The Caisse’s crypto bet could cost us nearly $200 million

Officials at Caisse de depot flatly refused to comment yesterday on a likely near $200 million loss at American crypto bank Celsius Network.

• Also read: The little players could well lose their T-shirts

• Also read: Cryptocurrency platform Celsius files for bankruptcy

• Also read: A Caisse partner is accused of setting up a Ponzi scheme

Established in October 2021, a month before the cryptocurrency market hit an all-time high, but how short-lived, the Caisse’s position in Celsius could well be one of the fastest-dissolving in the history of the institution, which was founded 57 years ago.

“I was amazed to learn that it is a conservative institution [comme la Caisse] had invested in such a company,” explained yesterday to the protocol Omid Malekan, cryptocurrency specialist and lecturer at Columbia University in New York.

Celsius Network CEO Alex Mashinsky (left) last year with investors who were very happy with the performance of their investment in the crypto bank at the time.

Photo from Twitter

Celsius Network CEO Alex Mashinsky (left) last year with investors who were very happy with the performance of their investment in the crypto bank at the time.

“The Worst of All Crypto Lenders”

“Cryptocurrency lending in general was a bad industry to invest in and Celsius was the worst crypto lender,” he added.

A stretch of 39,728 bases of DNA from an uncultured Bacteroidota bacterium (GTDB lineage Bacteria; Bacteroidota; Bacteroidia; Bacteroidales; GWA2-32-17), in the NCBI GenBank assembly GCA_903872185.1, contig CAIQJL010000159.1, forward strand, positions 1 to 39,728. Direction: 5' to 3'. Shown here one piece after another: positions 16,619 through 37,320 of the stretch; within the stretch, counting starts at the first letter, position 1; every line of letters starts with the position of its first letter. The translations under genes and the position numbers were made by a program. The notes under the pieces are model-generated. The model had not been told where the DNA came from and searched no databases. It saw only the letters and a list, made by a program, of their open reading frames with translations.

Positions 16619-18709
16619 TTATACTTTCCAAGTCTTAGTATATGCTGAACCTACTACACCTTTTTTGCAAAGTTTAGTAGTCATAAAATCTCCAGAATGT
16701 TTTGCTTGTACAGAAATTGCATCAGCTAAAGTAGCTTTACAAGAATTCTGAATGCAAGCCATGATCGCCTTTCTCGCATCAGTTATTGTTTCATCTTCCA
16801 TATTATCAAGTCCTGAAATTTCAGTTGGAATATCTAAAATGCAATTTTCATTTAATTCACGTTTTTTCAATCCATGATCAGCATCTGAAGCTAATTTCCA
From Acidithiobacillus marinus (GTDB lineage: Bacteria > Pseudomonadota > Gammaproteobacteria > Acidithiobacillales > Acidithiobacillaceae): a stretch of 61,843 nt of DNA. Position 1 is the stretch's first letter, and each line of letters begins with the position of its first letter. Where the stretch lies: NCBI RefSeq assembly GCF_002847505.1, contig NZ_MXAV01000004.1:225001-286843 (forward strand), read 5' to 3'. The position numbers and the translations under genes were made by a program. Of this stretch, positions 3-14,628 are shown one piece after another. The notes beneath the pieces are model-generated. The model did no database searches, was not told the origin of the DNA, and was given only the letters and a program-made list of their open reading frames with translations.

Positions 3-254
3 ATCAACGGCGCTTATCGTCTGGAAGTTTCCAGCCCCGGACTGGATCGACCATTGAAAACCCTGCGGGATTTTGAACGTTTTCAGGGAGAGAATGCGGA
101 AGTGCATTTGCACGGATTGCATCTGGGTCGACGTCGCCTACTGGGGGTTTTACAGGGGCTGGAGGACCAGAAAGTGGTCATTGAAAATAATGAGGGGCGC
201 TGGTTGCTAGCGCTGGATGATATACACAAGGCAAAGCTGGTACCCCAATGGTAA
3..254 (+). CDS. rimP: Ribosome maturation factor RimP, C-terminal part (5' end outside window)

In February, Caisse de Depot et Placement du Québec (CDPQ) chief Charles Emond defended investing in Celsius, specifically saying that the institution was not interested in “speculating on crypto.”

However, according to Mr. Malekan, investing directly in cryptocurrencies would probably have been less risky than in Celsius.

Hear Olivier Bourque, business journalist on Alexandre Moranville-Ouellet’s mic on QUB radio:

The company secured itself from its creditors on Wednesday. In court filings in New York, she blamed her bankruptcy on “bad decisions” about investments, which left her with far more debt than financial assets.

As of Wednesday, Celsius had liabilities (debts) of $5.5 billion and assets of $4.3 billion, resulting in a deficit of nearly $1.9 billion.

The fall in cryptocurrencies in the spring prompted Celsius customers to withdraw billions of dollars from their accounts. The company responded by suspending all payouts on June 12.

“Celsius is not asking for permission at this time [au tribunal] to enable customer withdrawals,” the company said.

In the legal documents, we learn that Celsius’ problems began back in 2020, when deposits multiplied thanks to the explosion of cryptocurrencies. The company struggled to safely invest those sums to pay its clients promised returns, which could reach as high as 18%.

“Acceptable” speculation

“Everything that revolves around cryptocurrencies is clearly something that is on the scale of speculation,” said Franck Jovanovic, a professor of economics and finance at TÉLUQ University, yesterday.

However, the specialist refused to throw the stone at the fund. He reminded that the big money managers all invest in riskier securities hoping to improve their performance. In his opinion, this practice is “acceptable” as long as it only affects a small part of the total invested assets.


  • Founded in 2017 by entrepreneur Alex Mashinsky
  • 300,000 active users in June 2022
  • Assets of $6 billion (as of June 2022).


October 2021
La Caisse announces an investment in Celsius

November 2021
Israeli police arrest Celsius chief financial officer

June 2022
Celsius suspends all payouts

July 2022
Celsius seeks protection from its creditors

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